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Published on Sep 7, 2011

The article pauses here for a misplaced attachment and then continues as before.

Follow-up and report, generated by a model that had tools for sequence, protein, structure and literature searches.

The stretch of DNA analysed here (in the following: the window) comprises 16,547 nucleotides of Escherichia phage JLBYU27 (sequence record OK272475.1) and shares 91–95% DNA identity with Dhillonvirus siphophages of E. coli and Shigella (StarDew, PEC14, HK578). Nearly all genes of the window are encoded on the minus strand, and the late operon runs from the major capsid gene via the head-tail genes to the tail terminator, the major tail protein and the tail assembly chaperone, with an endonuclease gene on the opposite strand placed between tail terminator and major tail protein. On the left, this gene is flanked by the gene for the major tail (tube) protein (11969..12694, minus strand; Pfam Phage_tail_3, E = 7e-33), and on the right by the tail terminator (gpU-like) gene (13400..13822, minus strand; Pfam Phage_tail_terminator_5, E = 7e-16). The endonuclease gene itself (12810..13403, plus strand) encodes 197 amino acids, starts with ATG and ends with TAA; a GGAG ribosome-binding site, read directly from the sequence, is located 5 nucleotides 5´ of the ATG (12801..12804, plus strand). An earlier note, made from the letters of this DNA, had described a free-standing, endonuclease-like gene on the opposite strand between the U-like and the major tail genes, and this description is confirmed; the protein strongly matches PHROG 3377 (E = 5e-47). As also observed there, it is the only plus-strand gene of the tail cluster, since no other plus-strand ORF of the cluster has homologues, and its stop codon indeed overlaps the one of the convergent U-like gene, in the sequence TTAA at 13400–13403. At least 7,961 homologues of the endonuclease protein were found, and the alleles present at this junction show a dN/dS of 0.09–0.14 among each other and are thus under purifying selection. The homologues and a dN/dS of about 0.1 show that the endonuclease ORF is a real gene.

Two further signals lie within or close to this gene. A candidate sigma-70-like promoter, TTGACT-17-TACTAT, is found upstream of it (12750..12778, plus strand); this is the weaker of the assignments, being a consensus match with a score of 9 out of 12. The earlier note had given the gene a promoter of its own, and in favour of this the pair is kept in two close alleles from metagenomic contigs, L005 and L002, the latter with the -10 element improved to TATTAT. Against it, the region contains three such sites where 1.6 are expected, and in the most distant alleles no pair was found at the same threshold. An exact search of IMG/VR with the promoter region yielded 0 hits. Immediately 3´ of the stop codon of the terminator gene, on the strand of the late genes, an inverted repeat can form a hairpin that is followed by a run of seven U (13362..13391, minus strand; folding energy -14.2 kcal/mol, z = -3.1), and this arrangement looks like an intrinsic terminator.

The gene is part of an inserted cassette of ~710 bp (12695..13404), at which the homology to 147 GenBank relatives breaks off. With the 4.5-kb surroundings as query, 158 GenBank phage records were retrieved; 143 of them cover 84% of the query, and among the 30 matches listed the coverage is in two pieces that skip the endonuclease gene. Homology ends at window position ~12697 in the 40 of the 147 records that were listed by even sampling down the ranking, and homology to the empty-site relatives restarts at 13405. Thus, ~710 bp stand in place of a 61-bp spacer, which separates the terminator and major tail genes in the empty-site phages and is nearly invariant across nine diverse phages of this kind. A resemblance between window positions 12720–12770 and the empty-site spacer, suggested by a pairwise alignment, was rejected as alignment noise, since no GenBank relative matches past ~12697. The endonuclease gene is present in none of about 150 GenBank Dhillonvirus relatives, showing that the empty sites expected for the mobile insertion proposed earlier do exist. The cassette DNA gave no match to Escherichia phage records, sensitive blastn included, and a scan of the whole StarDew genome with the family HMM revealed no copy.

What is the Piezo Effect, how does it work? What are the applications in motion control? Read the Piezo BLOG: http://www.pi-usa.us/blog/?s=piezo // “Piezo” is related to the Greek word for pressure. The “direct piezo effect” (pressure creates an electrical charge in certain crystals) and was discovered in the late 19th century by the Curie brothers. The direct piezo effect is used in sensor applications and for energy recovery. The “inverse piezo effect” (an applied voltage creates a change in shape in certain materials) is important for motion, positioning, sound and ultrasound transducers generation. Today most piezo applications are based on PMN ceramic materials, but other electro-ceramics such as PMN (electrostrictive materials) are also available. The inverse piezoelectric effect enables precision motion and is employed in piezo mechanisms for ultra-precision positioning and motion control and the nanometer level, high-speed motion (fast valves, dispensing, scanning microscopy and optics) and nano-automation applications in many high tech industries including semiconductors, medical and aerospace.